Unscrewed: The Consumer's Guide to Getting What You Paid For

Unscrewed: The Consumer's Guide to Getting What You Paid For

by Ron Burley

Every four seconds an unsuspecting consumer is duped by a cable company, cell phone provider, auto repair shop, or one of the numerous other businesses we use on a daily basis. As customer service departments have become automated wastelands, our ability to get satisfaction within the conventional complaint system has eroded. In UNSCREWED, consumer advocate Ron Burley…  See more details below


Every four seconds an unsuspecting consumer is duped by a cable company, cell phone provider, auto repair shop, or one of the numerous other businesses we use on a daily basis. As customer service departments have become automated wastelands, our ability to get satisfaction within the conventional complaint system has eroded. In UNSCREWED, consumer advocate Ron Burley offers a quick and easy five-step plan to getting what we paid for. This powerful and informative guide makes clear who to talk to, what to say, and when to walk away. It also explainsWhy companies don't treat you fairly, and what you can do about itHow to avoid the voicemail trapHow to get customer service representatives to pay attention to youHow to keep from getting screwed in the first placeUNSCREWED features sixteen true stories about average folks who got real results, and shares a variety of creative techniques that are both legal and successful. You don't have to be pushy, loud, or aggressive to get what you deserve—you just have to read this book.Reviews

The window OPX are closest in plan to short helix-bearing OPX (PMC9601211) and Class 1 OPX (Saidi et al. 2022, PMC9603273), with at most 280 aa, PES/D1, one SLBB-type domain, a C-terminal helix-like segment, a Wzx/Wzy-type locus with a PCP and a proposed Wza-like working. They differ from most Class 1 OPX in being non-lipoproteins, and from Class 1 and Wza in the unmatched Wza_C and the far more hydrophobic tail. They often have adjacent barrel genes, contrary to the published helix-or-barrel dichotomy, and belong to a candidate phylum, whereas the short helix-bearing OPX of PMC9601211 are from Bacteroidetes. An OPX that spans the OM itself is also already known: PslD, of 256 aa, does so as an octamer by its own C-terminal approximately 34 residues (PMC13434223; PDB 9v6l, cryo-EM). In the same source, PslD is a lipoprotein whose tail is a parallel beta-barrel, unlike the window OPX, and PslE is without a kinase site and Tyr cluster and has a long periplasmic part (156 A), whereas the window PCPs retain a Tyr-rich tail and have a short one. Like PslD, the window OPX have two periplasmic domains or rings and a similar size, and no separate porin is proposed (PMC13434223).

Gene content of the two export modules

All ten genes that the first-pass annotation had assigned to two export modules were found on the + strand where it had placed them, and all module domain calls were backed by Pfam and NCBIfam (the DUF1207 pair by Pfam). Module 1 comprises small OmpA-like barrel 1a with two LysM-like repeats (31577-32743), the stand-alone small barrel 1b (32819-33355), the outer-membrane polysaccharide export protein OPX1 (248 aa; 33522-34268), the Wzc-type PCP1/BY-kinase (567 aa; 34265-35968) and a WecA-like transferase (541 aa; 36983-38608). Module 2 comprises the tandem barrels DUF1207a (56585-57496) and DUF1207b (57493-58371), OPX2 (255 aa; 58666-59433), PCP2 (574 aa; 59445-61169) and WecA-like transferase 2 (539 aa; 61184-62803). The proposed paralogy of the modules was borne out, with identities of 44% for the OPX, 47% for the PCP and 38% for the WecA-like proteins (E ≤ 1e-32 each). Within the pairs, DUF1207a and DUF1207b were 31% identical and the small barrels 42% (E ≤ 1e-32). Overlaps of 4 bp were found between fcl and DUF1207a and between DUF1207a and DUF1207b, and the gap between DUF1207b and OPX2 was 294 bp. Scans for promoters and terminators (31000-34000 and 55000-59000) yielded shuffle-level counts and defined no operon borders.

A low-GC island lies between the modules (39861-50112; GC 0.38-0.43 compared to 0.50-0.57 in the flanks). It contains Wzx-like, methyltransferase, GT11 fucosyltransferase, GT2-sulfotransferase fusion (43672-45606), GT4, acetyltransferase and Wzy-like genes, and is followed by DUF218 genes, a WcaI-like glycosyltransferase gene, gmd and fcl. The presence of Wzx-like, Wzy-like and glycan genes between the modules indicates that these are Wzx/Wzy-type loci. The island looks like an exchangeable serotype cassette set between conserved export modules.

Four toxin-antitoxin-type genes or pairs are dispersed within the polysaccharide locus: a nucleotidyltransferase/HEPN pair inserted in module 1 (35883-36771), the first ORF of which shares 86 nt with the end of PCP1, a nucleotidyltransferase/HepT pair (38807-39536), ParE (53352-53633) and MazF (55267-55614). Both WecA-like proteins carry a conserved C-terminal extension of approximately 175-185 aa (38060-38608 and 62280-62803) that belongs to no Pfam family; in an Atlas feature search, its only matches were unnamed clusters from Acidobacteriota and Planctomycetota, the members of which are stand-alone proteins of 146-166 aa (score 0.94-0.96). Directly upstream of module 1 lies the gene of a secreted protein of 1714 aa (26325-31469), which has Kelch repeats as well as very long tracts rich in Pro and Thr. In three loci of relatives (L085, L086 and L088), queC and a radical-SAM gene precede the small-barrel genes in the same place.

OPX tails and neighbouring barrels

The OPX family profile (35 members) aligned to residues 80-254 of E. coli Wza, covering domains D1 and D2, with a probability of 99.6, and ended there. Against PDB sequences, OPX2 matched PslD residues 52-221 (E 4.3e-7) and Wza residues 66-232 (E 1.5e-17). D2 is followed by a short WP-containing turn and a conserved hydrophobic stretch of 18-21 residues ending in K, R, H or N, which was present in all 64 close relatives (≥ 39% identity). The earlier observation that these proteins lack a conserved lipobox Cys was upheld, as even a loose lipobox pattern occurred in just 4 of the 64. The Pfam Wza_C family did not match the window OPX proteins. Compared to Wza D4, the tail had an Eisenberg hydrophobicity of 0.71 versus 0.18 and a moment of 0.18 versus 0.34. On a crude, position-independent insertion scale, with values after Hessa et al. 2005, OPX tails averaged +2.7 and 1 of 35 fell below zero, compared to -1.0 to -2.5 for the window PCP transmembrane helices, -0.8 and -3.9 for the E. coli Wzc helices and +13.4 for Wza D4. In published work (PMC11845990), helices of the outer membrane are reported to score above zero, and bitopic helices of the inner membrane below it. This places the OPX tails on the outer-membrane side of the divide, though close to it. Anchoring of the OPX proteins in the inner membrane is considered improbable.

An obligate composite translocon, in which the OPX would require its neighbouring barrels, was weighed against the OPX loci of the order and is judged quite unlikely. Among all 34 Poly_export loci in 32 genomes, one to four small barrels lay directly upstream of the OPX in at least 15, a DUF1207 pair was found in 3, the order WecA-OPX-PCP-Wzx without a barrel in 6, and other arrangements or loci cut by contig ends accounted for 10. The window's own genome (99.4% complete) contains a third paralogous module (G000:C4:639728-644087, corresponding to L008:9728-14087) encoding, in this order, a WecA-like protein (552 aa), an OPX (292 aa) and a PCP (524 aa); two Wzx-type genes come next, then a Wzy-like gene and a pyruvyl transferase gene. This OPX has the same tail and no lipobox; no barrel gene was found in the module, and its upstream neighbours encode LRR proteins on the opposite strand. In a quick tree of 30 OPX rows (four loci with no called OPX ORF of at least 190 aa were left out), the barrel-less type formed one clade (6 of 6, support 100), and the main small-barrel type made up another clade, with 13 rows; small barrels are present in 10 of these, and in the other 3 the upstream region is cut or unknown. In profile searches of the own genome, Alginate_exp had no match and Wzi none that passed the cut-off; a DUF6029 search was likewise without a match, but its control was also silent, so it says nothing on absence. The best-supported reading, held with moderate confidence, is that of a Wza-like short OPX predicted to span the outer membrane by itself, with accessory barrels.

“If we are sufficiently angered and motivated, now we will know what we ought to do.”—Miami Herald

“A terrific resource. . . I was so impressed by the simplicity of the techniques that I almost yearned to have a consumer conflict.”—Better Investing"[Burley's] basic strategy of thinking like the company to get your problem fixed is ingenious. If consumers approached disputes in his way, the caveat 'buyer beware' would surely be flipped on its head."—USA Today

See the full USA Today review

Watch the CNN Interview

Read More

Product Details

Potter/Ten Speed/Harmony
Publication date:
Product dimensions:
4.88(w) x 7.90(h) x 0.56(d)

Read an Excerpt


Copyright © 2006

Ron Burley
All right reserved.

ISBN: 978-1-58008-762-9



I loved Democrat Howard Dean's war cry in the presidential campaign of 2004. He finished each speech by cheering, "You've got the power! You've got the power! You've got the power!" As much as I liked the message, I couldn't help thinking that most consumers feel as though they've been losing "the power." It's no wonder they feel that way: they have.